"Okay, José, you're on your way!"
With those words, radioed to Alan Shepard as he lifted off to become the first American astronaut to fly into space on May 5, 1961, Bill Dana's role in NASA history was sealed.
Dana, a comedian whose performance as "José Jiménez" was bestowed the title of being the eighth of the Mercury 7 astronauts, died on Thursday (June 15). He was 92. [Photos from Alan Shepard's Freedom 7 Spaceflight]
"He'll be missed not only by the astronaut family, but many more around the world," said Tammy Sudler, president and CEO of the Astronaut Scholarship Foundation. "Bill Dana was lovingly known as our honorary Mercury 8 astronaut."
First created in 1959 for "The Steve Allen Show" and later appearing on "The Ed Sullivan Show," José Jiménez held several positions, including an elevator operator, a bobsled racer, a Navy submariner and a lion tamer, but it was as the shiny-spacesuited, reluctant astronaut that the Bolivian character became famous (Dana was of Hungarian-Jewish ancestry in reality).
"What do you consider the most important thing in rocket travel?" asked Ed Sullivan, playing the straight man during one of Dana's better-known skits.
"To me the most important thing in the rocket travel is the blast-off," said Dana.
"The blast-off..." repeated Sullivan.
"I always take a blast before I take off. Otherwise, I would not go near that thing," Dana quipped as Jiménez.
Dana's José Jiménez routine was later released on record albums, rising to the Top 20 on the Billboard charts, which drew the attention of the real-life Mercury astronauts.
"The astronauts, especially Shepard, absolutely loved the record, and listened to it in the office after intense training sessions," author Neal Thompson described in "Light This Candle" (Crown, 2004), his biography of the first astronaut. "Shepard even tape recorded the album and during lulls between training exercises or during test launches at the Cape would play the tapes at full volume near the Mission Control loudspeakers."
The astronaut and comedian first met at a Cocoa Beach night club, where Shepard — from out in the audience and without the prior knowledge of Dana — took on the role of the straight man, setting up Jiménez's replies. Soon, fellow astronauts Wally Schirra and Deke Slayton joined in.
"The club was roaring as the three astronauts took turns," wrote Thompson. After the show, Dana hurried to a phone to call his producer in New York.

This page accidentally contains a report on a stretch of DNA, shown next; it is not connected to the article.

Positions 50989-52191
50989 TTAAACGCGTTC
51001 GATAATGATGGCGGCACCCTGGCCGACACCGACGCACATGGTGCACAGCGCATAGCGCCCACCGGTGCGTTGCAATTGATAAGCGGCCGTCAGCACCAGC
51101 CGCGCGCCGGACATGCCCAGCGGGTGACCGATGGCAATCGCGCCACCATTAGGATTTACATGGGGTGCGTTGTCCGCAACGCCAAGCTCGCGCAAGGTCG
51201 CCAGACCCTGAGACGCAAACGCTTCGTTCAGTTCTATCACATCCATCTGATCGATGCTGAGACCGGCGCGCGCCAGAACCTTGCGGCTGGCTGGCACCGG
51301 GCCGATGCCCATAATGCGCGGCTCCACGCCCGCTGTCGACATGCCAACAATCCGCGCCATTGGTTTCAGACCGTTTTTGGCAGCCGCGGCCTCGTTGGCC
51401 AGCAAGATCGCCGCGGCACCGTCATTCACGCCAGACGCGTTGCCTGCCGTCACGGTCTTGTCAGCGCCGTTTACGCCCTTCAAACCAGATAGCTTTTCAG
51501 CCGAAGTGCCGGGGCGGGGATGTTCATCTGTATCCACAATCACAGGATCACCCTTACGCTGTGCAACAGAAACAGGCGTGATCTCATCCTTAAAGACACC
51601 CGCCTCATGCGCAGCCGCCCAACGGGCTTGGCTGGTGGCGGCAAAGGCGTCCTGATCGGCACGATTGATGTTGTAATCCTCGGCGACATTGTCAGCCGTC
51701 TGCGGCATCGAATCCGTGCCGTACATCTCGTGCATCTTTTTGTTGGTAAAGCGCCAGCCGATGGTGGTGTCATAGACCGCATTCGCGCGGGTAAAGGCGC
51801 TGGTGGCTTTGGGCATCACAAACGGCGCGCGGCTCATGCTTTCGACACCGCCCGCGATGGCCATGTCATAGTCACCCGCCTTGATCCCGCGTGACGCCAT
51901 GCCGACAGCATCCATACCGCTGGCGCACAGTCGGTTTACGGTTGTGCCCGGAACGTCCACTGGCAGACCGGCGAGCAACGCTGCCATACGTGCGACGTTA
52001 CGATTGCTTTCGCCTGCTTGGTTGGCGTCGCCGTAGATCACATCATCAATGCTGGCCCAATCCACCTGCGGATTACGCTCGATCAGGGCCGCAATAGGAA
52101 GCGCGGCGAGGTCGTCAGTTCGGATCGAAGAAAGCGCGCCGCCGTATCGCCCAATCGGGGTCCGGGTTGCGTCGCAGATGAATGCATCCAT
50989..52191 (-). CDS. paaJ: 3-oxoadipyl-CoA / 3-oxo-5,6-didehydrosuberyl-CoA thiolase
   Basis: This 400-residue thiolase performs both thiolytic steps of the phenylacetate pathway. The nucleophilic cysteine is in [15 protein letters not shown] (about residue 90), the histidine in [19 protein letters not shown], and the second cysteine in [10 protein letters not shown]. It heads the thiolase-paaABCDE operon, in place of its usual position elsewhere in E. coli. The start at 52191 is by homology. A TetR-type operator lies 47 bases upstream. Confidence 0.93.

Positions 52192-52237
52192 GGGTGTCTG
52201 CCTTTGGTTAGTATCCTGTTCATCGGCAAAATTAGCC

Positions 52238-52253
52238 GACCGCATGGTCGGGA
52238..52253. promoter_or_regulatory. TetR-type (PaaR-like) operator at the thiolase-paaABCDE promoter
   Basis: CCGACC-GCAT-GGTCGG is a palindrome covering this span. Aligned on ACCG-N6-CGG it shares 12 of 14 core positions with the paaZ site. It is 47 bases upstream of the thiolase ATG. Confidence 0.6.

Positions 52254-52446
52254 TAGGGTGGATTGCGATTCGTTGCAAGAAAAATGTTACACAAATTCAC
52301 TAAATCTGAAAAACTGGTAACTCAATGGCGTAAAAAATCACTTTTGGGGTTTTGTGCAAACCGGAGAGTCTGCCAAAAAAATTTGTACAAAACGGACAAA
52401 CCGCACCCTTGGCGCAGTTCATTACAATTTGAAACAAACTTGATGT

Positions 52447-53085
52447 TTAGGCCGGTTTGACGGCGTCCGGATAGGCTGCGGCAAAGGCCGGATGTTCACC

"'They know us. They know every word. And they love us," exclaimed Dana, as described by Thompson.
Shepard and the other astronauts' fondness for Dana and his character led to José Jiménez becoming the unofficial mascot of the Mercury program. In addition to inspiring the 1961 launch call between Slayton (in the blockhouse) and Shepard (on top of a Redstone rocket), Dana performed at President John F. Kennedy's inaugural ball with Shepard in attendance.
The comedian also inspired a "gotcha" — a practical joke — that Shepard arranged in secret for John Glenn to discover once aboard his Friendship 7 Mercury spacecraft. Opening up a pouch while in orbit, Glenn was surprised by a small stuffed mouse floating free, a reference to the "leetle mice" Jiménez would cite as fellow test subjects in his routine.
Born William Szathmary in Quincy, Massachusetts on Oct. 5, 1924, Dana served as a gunner and mortarman in the U.S. Army during World War II. Dana began his career in comedy as a page and a writer for other comedians' stand-up routines.
Later, after gaining fame in his own right, Dana became a screenwriter for television and movies, writing the Emmy-Award-winning "All in the Family" episode, "Sammy Davis Visits Archie Bunker" (1972), penning jokes for the "Donny and Marie" show (1977-1978), and co-writing the script for the "Get Smart" film "The Nude Bomb" (1980). Dana also had a recurring role as Angelo, brother to Sophia Petrillo (Estelle Getty) on the NBC sitcom, "The Golden Girls."
Dana also showed up as José Jiménez in a number of TV cameos, including as part of a 1966 episode of "Batman," appearing alongside the late Adam West and Burt Ward.
The character eventually fell out of favor due to pressure from Hispanic groups and Dana retired the role in 1970, but he would later reunite with the astronauts through their Mercury 7 (later, Astronaut Scholarship) Foundation, and even reprised the skit at NASA's Kennedy Space Center in Florida for a 2002 gala celebrating the 40th anniversary of the first U.S. orbital spaceflights.
A voting member of the nominations committee of the National Aviation Hall of Fame, Dana was acknowledged in the Smithsonian's National Air and Space Museum in Washington, D.C. and in the U.S. Astronaut Hall of Fame in Florida. He was honored with the first Impact award by the National Hispanic Media Coalition and was presented with a lifetime achievement award by the Pacific Broadcast Pioneers of Radio and Television in 2006.
In 2005, Dana co-founded the American Comedy Archives at Emerson College, his alma mater, in Boston.